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I'd like to use conditional statements in my preamble file and then define the value of the Boolean variable afterwards. The reason is that I import the preamble.tex first thing in my main file where I then want to specify switches as appropriate. I've tried this with the plain tex \newif and with the etoolbox packages, yet both seem to require the value of the Boolean variable before the definition of the conditional. This appears to mean that I would have to change my preamble.tex, defeating the purpose of making it a separate file.

Is there an easy way of achieving this, short of splitting the preamble file in two parts?

Thanks, Michael

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You can use \iffoo in macros defined in your preamble that are executed later but clearly if you put them at the top level so they are evaluated when the file is input, they must be defined at that point. That is not a restriction of plain tex or etoolbox, just a fact of life. – David Carlisle Apr 17 '13 at 10:20
do you mean, you want to have \foofalse in your config file, and then \input{config} followed by \newif\iffoo in your document? this is such an odd idea, i must surely be misunderstanding... – wasteofspace Apr 17 '13 at 10:27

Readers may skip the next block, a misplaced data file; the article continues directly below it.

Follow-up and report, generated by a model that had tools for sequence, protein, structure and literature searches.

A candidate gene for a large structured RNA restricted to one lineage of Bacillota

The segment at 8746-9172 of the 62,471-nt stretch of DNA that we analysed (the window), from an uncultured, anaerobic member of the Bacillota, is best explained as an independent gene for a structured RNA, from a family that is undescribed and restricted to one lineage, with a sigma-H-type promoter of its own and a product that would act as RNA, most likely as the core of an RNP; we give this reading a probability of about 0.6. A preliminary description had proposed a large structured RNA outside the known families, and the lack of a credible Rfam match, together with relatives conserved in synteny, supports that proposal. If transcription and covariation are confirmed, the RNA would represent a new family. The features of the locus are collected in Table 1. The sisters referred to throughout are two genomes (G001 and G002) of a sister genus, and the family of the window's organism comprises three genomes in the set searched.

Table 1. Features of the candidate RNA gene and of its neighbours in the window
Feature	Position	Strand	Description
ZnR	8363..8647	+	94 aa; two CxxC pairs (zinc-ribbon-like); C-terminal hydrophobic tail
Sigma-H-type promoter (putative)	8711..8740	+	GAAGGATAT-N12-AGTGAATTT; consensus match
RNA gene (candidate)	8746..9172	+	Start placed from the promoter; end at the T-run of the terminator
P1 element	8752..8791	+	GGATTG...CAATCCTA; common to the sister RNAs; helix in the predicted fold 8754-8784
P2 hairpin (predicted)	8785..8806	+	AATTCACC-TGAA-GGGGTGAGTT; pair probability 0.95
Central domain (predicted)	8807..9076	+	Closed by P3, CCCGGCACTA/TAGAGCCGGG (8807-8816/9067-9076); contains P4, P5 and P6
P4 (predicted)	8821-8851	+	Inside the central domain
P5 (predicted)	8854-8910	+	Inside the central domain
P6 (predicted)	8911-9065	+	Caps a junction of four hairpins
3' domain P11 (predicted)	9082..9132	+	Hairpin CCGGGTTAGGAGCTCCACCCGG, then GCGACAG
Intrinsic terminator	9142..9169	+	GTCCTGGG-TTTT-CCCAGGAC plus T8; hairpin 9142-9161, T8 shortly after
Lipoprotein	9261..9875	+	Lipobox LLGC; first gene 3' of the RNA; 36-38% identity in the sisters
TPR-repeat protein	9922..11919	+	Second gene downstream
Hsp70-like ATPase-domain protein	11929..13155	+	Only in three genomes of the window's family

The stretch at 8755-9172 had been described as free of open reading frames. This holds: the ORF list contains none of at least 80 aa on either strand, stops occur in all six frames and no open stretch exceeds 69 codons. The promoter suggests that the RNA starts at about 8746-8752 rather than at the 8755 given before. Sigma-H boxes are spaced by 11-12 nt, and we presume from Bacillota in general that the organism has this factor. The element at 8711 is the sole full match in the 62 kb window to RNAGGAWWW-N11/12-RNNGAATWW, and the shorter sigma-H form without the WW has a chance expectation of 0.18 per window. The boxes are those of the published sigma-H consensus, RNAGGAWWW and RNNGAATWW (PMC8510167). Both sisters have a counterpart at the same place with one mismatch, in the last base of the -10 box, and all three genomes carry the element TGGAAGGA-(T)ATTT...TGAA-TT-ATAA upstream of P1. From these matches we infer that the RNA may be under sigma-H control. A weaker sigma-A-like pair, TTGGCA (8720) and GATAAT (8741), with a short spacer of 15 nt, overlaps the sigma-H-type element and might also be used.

Welcome to TeX.sx! – Peter Jansson Apr 17 '13 at 10:31
@DavidCarlisle Is there maybe a way of overriding default values? Similar to package options set after their definition? – Michael Apr 17 '13 at 10:32
It mostly depends on what your "conditional definitions" look like. Can you add a couple of examples? – egreg Apr 17 '13 at 10:35
up vote 5 down vote accepted

The approach you're following is not correct. The best thing is to change preamble.tex into preamble.sty and use options.

File preamble.sty


% The following defines \ifpreamble@foo (\if<packagename>@<optionname>)
\DeclareBoolOption[true]{foo} % specifying `foo` is the same as `foo=true`

\ExecuteOptions{foo=false} % foo is false by default



\fancyhead[R]{Michael's report}


File test.tex (foo enabled)

\usepackage[foo]{preamble} % or \usepackage[foo=true]{preamble}

File test.tex (foo disabled)

\usepackage{preamble} % or \usepackage[foo=false]{preamble}
share|improve this answer
This exactly what I was looking for. Thanks!! – Michael Apr 17 '13 at 11:09

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